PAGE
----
He’s often been slotted as a back-up, so he’s not a household name or a prospect who even registers on many New York Met fans’ radar screens. Yet, the more you know about him, the more you might think the Mets might have something special in catcher, Xorge Carrillo.
Carrillo split time behind the plate at Arizona State in 2010 and 2011 with Austin Barnes. Barnes, considered top shelf, was drafted by the Marlins in 2011 in the 9th round. The Mets selected Carrillo five rounds later, the fourth major league team to draft the backstop throughout his baseball career.
Last summer, Carrillo played the support role again, this time in Double-A ball spelling Binghamton Met starting catcher Blake Forsythe. Forsythe won Rawlings Gold Glove Award as the top defensive catcher in the minor leagues, selected among qualifying players in ten different full-season minor leagues. You can certainly understand why Carrillo played second fiddle.
Yet, quietly, unassumingly, Xorge Carrillo is compiling an intriguing baseball resume. When he was drafted by the Mets most baseball analysts tabbed Carrillo as the standard ‘defensive first’ catching prospect. Scouts applauded Carrillo’s glove work behind the plate, noted his improving defensive footwork and rated his throwing arm as better than average.
It was Carrillo’s impressive work behind the dish that first drew my attention this summer in Binghamton. I loved to watch Carrillo work a game behind the plate. His set-up, the ability to stay low and work the inside and outside of the plate, his focus were always intriguing.
No one had much to say about Carrillo’s assets in the batter’s box. Carrillo has a short swing and an almost ‘see the ball – hit the ball’ batting style with little lower body torque launching his swing. A contact hitter, Carrillo flashes little power in the batter’s box.
Finding a rhythm at the plate in professional baseball did not come easily for Carrillo. The catching prospect hit only .217 in short season ball at Brooklyn after joining the Met organization followed by a .154 average in an injury shortened season at Savannah. Carrillo chatted about that in an MMN interview with David Conde. “Playing in Brooklyn was a humbling but amazing experience. It was the first time in my career I struggled offensively, and it was a challenge, but I enjoyed it and learned a lot from it.”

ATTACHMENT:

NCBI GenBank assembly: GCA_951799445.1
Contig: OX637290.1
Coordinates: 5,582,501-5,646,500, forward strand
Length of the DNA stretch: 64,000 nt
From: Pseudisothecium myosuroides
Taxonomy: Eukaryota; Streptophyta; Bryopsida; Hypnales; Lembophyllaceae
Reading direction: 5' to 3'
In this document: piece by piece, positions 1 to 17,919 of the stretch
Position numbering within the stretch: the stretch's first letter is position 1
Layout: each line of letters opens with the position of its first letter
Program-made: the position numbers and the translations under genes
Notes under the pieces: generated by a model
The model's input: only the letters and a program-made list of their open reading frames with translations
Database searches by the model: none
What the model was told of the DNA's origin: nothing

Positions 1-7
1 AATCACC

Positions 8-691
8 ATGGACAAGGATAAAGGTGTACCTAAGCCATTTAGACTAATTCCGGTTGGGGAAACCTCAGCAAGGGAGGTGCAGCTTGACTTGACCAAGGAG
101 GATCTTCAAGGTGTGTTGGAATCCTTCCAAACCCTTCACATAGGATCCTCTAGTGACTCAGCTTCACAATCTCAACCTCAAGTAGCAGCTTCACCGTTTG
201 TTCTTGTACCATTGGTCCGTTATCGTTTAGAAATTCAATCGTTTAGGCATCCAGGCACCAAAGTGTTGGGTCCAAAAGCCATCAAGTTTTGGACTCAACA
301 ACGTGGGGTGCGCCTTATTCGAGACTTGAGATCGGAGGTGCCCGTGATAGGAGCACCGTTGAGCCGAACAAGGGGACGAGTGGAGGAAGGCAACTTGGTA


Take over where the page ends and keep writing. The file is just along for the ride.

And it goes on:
Carrillo must have been a good student. The direction of his hitting statistics veered on an upward path this summer in Binghamton. After getting off to a slow start as a B-Met, Carrillo batted .344 in July and .400 in August to finish the year batting .296 in 108 at-bats. To date, in 81 winter league at-bats playing for Aguilas de Mexicali in the Mexican League, Carrillo has mirrored that average.
A right handed hitter, Carrillo hit higher against right handed pitching (.341/.154) than he did against lefties this summer in Binghamton. That pattern has continued in the Mexican League where the young catcher is batting .304 against righties and .280 versus left-handers.
In his interview with Conde, Carrillo indicated he valued consistency and was continually working to become more consistent in every facet of his game. The catching prospect has a history of consistently playing an important role on championship teams throughout his baseball career. His McClintock High School team from Tempe Arizona won a state championship in 2007. Carrillo played on two Arizona Junior College Championship teams at Central Arizona College with his 2008 squad finishing third in the NJCAA World Series.
After a forearm injury derailed Carrillo’s junior season at Division I, Arizona State in 2010, he helped his team to the NCAA College Baseball World Series. Carrillo who hit .336 with a .409 on-base-percentage in his career at Arizona State, thrived in the championship pressure in the World Series hitting .438 with a .471 OBP and a .688 SLG.
Although he only started one of Binghamton’s three playoff games last summer, the elimination game, once again Carrillo seemed impervious to pressure going 2-for-3 with a base-on-balls.
A baseball organization can never have enough catchers. With the Mets looking to their youth movement to fill the major league roster’s catching slots; d’Arnaud, Centeno, Plawecki and Forsythe are the names we hear bantered around. As he strives for consistent outputs in his own quiet way, look for Xorge Carrillo to join that conversation.
(Photo Credit: Kelly Madden)